Several news outlets briefly reported the episode, mentioning that a Honduran official said the United States Drug Enforcement Administration had provided support. But none of the reports included a striking detail: that support consisted of an elite detachment of military-trained D.E.A. special agents who joined in the shootout, according to a person familiar with the episode.

The D.E.A. now has five commando-style squads it has been quietly deploying for the past several years to Western Hemisphere nations — including Haiti, Honduras, the Dominican Republic, Guatemala and Belize — that are battling drug cartels, according to documents and interviews with law enforcement officials.

The program — called FAST, for Foreign-deployed Advisory Support Team — was created during the George W. Bush administration to investigate Taliban-linked drug traffickers in Afghanistan. Beginning in 2008 and continuing under President Obama, it has expanded far beyond the war zone.

“You have got to have special skills and equipment to be able to operate effectively and safely in environments like this,” said Michael A. Braun, a former head of operations for the drug agency who helped design the program. “The D.E.A. is working shoulder-to-shoulder in harm’s way with host-nation counterparts.”

The evolution of the program into a global enforcement arm reflects the United States’ growing reach in combating drug cartels and how policy makers increasingly are blurring the line between law enforcement and military activities, fusing elements of the “war on drugs” with the “war on terrorism.”

Bruce Bagley, a University of Miami professor who specializes in Latin America and counternarcotics, said the commando program carries potential benefits: the American teams could help arrest kingpins, seize stockpiles, disrupt smuggling routes and professionalize security forces in small countries through which traffickers pass drugs headed to the United States.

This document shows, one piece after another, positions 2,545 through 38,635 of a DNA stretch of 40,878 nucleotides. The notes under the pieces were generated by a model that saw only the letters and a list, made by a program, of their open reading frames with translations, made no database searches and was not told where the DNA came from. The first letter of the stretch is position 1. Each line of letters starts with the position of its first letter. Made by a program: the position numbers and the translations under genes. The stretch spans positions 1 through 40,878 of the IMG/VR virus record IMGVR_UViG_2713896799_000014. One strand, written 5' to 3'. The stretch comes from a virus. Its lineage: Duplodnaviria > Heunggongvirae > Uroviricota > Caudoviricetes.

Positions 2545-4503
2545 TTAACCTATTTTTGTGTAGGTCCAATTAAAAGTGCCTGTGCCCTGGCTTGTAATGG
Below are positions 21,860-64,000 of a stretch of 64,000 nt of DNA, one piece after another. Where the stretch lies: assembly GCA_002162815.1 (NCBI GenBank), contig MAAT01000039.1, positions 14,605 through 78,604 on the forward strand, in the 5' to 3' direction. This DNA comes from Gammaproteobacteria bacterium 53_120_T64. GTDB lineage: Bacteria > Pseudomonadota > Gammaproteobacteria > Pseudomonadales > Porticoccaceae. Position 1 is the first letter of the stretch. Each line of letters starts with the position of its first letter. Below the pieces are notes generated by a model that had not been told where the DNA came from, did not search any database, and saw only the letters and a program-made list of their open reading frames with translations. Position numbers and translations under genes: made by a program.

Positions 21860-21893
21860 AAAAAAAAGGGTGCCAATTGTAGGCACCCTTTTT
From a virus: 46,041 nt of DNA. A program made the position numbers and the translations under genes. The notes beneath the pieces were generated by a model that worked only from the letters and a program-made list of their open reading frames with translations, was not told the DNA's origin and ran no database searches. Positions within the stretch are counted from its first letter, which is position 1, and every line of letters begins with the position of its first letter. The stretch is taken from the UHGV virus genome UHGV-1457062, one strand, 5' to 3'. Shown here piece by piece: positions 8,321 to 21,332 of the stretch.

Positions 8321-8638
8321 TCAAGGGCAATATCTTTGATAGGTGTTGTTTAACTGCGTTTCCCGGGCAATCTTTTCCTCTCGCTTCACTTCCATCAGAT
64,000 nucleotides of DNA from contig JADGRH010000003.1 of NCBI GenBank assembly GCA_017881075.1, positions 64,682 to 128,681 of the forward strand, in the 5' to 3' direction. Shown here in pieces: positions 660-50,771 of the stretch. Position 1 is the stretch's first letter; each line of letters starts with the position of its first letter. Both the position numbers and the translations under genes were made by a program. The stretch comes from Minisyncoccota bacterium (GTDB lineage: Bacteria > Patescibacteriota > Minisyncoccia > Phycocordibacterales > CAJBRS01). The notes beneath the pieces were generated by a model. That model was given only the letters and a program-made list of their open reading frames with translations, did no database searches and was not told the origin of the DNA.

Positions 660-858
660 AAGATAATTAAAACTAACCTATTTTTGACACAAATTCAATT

But there are also potential dangers.

“It could lead to a nationalist backlash in the countries involved,” he said. “If an American is killed, the administration and the D.E.A. could get mired in Congressional oversight hearings. Taking out kingpins could fragment the organization and lead to more violence. And it won’t permanently stop trafficking unless a country also has capable institutions, which often don’t exist in Central America.”

Because the presence of armed Americans on their soil raises sensitivities about sovereignty, some countries that have sought the assistance of the United States will not acknowledge it, and the D.E.A. is reluctant to disclose the details of the commando teams’ deployments. Others — like Mexico, which has accepted American help, including surveillance drones — have not wanted the commando squads.

Federal law prohibits the drug agency from directly carrying out arrests overseas, but agents are permitted to accompany their foreign counterparts on operations. The Americans work with specially vetted units of local security forces that they train and mentor. In “exigent circumstances,” they may open fire to protect themselves or partners.

The firefight in Honduras last March, described by officials of both countries, illustrates the flexibility of such rules. The Honduran minister of public security at the time, Oscar Álvarez, said that under the agreement with the D.E.A., the Americans normally did not go on missions.

But in that case, he said, a training exercise went live: an American squad was working with a Honduran police unit in La Mosquitia rainforest when they received word that a suspicious plane from Venezuela was being tracked to a clandestine landing strip nearby.

After the plane landed, the Honduran police identified themselves and the traffickers opened fire, officials of both countries said. After a 20-minute gunfight, the Hondurans and Americans seized the cocaine and withdrew to evacuate the wounded officer.

“I don’t want to say it was Vietnam-style, but it was typical of war action,” said Mr. Álvarez; he declined to say whether the Americans took part in the shooting, but another person familiar with the episode said they did.